So a couple of weeks ago I had to jump in and protect some people that were about to get whacked about a baton-wielding Nazi (maybe not a sentence you expected to hear today): a brief description of the incident and some of the lessons arising therefrom below.
We left the main body of that day’s Anti-Fascist march in Central London to meet some friends of my friends in a nearby pub. On the way we saw the aftermath of a really vicious attack on a Trade Union leader outside another pub. Just after we reached the pub where the friends were drinking, a group of men that we had seen around that attack that were screaming racist obscenities (“fucking monkey” etc) came past and identified us as people taking part in the Anti Fascist march.
An unpleasant verbal confrontation ensued, I was particularly anxious that this did not escalate into a row as the people I was with were not exactly experienced brawlers. My focus was on the mob in front of us. To my left a guy had moved towards our group, quietly, not shouting like the rest. He wrenched a banner flagpole being carried by one of the girls in our group, stepped back and started a two-handed swing aimed at that girl and her friend, also a female. Classy guy.
I was able to jump in to the guy with left foot and left knee raised, this got me very close and in between him and the girls; this defended them, and me, as I was too close for him to cause any real damage with the baton; my left arm was raised high and straight -bit like a Nazi salute ironically enough-with the bicep close to my ear to defend my head, which was good as I did come away from this with a reasonably large bruise on the elbow. On impact I wrapped my left arm around the bat, stepped away with my left leg and hit the guy’s arms with a right vertical forearm smash.
I came away with the bat, said nothing and stood there holding it. This guy and his mates just went off and the cops showed up sometime shortly after.
Now, some lessons from this:
1. If you’re on a march, don’t leave the main body of that march, safety and solidarity in numbers.
2. Be aware of tunnel vision during stressful situations and it’s damaging effects. I will be forever annoyed at myself that I let this guy sneak in so close to our group when my focus was on the mob straight ahead of us, this was partly because I thought I recognised a couple of the guys but no excuses.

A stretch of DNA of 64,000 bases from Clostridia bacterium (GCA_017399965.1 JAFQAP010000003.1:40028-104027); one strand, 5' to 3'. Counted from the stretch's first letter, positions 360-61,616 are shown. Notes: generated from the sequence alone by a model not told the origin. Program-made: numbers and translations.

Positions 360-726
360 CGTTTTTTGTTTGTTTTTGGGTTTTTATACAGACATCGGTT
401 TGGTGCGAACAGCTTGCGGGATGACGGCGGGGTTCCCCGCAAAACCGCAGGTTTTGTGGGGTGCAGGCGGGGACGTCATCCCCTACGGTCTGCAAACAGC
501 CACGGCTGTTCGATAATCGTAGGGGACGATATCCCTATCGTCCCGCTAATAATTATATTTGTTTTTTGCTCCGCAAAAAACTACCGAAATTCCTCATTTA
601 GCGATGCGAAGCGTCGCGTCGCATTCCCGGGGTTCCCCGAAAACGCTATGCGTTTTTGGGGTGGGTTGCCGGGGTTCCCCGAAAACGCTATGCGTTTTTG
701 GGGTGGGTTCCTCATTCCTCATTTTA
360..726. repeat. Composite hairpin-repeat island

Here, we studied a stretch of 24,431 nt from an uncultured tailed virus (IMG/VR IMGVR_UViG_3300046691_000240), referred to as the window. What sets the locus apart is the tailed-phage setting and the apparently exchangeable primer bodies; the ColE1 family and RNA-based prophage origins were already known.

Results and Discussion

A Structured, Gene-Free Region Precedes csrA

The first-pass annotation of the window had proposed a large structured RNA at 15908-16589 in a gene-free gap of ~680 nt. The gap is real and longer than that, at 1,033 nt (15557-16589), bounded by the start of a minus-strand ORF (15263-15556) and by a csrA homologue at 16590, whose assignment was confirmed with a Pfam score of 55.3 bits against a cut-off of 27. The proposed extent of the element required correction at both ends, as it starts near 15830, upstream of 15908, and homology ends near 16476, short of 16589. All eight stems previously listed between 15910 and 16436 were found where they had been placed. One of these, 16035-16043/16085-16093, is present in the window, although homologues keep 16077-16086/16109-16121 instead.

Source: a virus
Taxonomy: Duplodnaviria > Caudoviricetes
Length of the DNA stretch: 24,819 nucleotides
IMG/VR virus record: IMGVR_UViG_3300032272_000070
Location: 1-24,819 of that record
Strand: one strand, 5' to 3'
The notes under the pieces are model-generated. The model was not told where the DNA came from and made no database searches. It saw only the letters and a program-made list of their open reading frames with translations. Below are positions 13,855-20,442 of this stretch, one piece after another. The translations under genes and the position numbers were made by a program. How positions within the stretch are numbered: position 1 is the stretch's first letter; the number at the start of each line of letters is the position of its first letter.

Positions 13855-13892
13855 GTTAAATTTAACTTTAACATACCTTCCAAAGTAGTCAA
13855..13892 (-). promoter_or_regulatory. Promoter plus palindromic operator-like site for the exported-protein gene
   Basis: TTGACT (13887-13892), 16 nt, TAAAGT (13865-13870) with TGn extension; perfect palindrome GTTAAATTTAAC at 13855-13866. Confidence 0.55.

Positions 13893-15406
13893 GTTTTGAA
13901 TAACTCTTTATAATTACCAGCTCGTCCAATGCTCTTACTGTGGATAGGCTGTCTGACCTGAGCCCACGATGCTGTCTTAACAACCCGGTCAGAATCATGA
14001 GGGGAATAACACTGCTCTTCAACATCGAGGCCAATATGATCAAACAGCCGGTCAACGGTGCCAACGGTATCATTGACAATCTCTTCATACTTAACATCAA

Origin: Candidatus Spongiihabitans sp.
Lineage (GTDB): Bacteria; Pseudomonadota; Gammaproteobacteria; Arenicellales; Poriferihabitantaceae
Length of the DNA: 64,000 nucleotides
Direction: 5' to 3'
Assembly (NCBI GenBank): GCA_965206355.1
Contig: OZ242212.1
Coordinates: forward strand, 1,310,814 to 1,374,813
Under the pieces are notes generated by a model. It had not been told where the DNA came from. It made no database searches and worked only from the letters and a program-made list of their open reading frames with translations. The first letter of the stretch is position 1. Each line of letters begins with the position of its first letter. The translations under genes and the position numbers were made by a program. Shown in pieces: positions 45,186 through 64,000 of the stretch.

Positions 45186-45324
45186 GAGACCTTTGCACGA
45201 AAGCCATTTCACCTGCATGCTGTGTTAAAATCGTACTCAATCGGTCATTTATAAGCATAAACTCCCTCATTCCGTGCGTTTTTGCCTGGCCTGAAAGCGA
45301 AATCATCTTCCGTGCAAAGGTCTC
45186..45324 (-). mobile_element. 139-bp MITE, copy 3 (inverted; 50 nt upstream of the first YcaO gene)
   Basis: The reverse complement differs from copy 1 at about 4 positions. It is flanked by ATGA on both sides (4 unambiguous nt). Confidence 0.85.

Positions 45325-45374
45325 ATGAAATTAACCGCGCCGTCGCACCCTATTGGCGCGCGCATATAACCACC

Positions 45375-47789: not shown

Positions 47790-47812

3. Train for a variety of attacks from different angles and specifically how to defend other people under attack, this was not a case of a guy fronting me up and wanting to swing for my head.
4. Train specifically on how to close the gap between you and an attacker quickly: I am too old for this shit as someone once said but in a situation where I had to close a pretty big gap quickly I had sufficient plyometric power and technique left to do so. Had to sit down for a nice cup of cocoa soon after, however.
5. Always cover and defend as you move in, particularly your head if a bat is involved.
6. Train techniques that don’t rely on extreme violence, I really did not want this situation to escalate so avoided any attacks on this guy’s face with my forehead or hands that could have precipitated more aggro.
7. Some people suggested after that I should have whacked the guy with the bat etc. Would have been a very bad idea. Apart from escalating the situation, note that the police turned up very shortly after this happened: if a guy is on the floor and you’re beating him with a stick when the Old Bill turn up, it’s very hard to persuade them that you’re being progressive.
Thanks for reading, peace!